Now Herod the ruler heard about all that had taken place, and he was perplexed, because it was said by some that John had been raised from the dead, by some that Elijah had appeared, and by others that one of the ancient prophets had arisen. Herod said, ‘John I beheaded; but who is this about whom I hear such things?’ And he tried to see him.
This private scene is tucked between two famously public moments in Jesus’ ministry: the disciples’ first missionary journey. After today’s text is the feeding of the multitudes. Here are two golden moments to witness Jesus at his best.
Luke writes, however, that Herod, in the comfort of the palace, desired/ tried/ strained to “see” Jesus. You’ll remember Herod’s father, whose governorship was split between his four sons. Herod the tetrarch (meaning “ruler of a quarter”) was given the shortest stick, with the indignity of lording over the non-citizens of the empire. In this text we hear for the first time that it was under the tetrarch’s order that John the Baptist was beheaded. But word gets around that the prophetic impulse has not died with John. And the tetrarch is intrigued and petrified: “John, I beheaded. But who is this…?”
Questions regarding Jesus’ identity bombard the first section of Luke. But after Herod’s question, we no longer get questions, we get answers. Nothing wrong with asking God questions. The Good News is that God will answer—just not in the way we expect.
Tragically for Herod, with a question burning in his heart, Luke says: “and he tried to see him.” It suggests some kind of genuine strain toward the holy. But as we know, when he finally meets Jesus – on the way to Calvary – Herod desires Jesus to perform. He demands a miracle, because the language of performance and phantasm is the only language through which the desperate and distracted will take notice.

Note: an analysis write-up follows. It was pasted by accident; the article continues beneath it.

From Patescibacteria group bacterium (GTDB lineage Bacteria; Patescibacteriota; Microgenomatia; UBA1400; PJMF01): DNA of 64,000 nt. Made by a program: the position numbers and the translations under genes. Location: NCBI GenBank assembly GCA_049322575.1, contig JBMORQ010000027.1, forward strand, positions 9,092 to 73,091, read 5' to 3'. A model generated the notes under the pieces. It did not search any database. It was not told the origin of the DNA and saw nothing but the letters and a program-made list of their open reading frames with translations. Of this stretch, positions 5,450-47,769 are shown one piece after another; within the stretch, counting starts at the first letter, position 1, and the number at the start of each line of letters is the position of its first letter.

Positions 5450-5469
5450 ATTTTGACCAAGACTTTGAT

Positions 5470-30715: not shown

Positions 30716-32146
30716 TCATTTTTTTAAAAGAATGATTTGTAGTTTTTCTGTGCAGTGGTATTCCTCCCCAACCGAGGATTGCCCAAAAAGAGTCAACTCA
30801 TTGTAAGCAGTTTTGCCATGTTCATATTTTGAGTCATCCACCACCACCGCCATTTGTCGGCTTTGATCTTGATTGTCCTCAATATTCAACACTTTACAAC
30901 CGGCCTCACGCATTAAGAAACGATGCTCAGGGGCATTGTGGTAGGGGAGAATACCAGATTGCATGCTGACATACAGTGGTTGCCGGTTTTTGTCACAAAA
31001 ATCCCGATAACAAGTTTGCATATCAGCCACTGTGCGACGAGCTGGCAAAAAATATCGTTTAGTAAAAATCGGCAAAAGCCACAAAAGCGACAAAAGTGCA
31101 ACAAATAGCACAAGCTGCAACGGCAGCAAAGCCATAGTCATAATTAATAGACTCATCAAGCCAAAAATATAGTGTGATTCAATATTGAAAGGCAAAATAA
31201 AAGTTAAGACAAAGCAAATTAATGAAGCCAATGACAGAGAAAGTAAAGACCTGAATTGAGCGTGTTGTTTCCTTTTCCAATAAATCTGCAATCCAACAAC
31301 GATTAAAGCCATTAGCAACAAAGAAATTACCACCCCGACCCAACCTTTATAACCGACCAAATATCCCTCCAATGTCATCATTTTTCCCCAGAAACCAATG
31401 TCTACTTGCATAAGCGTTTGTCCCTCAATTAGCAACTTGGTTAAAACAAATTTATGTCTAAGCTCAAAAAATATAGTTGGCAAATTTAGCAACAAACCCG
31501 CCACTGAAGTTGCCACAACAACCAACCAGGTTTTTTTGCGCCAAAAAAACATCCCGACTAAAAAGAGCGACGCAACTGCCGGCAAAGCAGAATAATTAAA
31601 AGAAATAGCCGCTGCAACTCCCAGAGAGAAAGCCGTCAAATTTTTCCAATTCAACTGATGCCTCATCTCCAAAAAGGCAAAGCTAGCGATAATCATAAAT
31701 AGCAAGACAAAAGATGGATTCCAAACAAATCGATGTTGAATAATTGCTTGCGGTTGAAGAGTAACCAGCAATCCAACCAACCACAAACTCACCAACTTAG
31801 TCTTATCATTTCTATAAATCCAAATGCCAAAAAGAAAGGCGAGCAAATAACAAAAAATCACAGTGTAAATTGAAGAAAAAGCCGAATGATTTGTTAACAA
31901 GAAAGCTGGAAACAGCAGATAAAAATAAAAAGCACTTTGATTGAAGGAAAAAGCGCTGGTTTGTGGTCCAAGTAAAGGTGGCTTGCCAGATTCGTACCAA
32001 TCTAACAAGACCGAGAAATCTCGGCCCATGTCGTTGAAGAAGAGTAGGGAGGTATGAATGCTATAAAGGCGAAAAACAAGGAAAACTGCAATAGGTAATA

Luke’s “he tried to see him” speaks to the spatial, cognitive, spiritual dissonance of the two. If he really wanted to see Jesus, all he had to do was get out of the palace. To really see Jesus, all that was needed was to go where Jesus always is: with the oppressed, the immigrant, the non-citizen.
Our proximity with those whom Jesus loves gives us the focus to see Jesus, and more than merely see, but to follow.
I want to be where you are, Lord. I may run from it, I may go toward it kicking and screaming. But the safest place I can be is close to Your will. May it be so. Ase* and Amen.
* Ase or ashe (from Yoruba àṣẹ) is a Yoruba philosophical concept through which the Yoruba of Nigeria conceive the power to make things happen and produce change.
The Rev’d William Young, Pastor, Covenant Baptist United Church of Christ, Washington DC, USA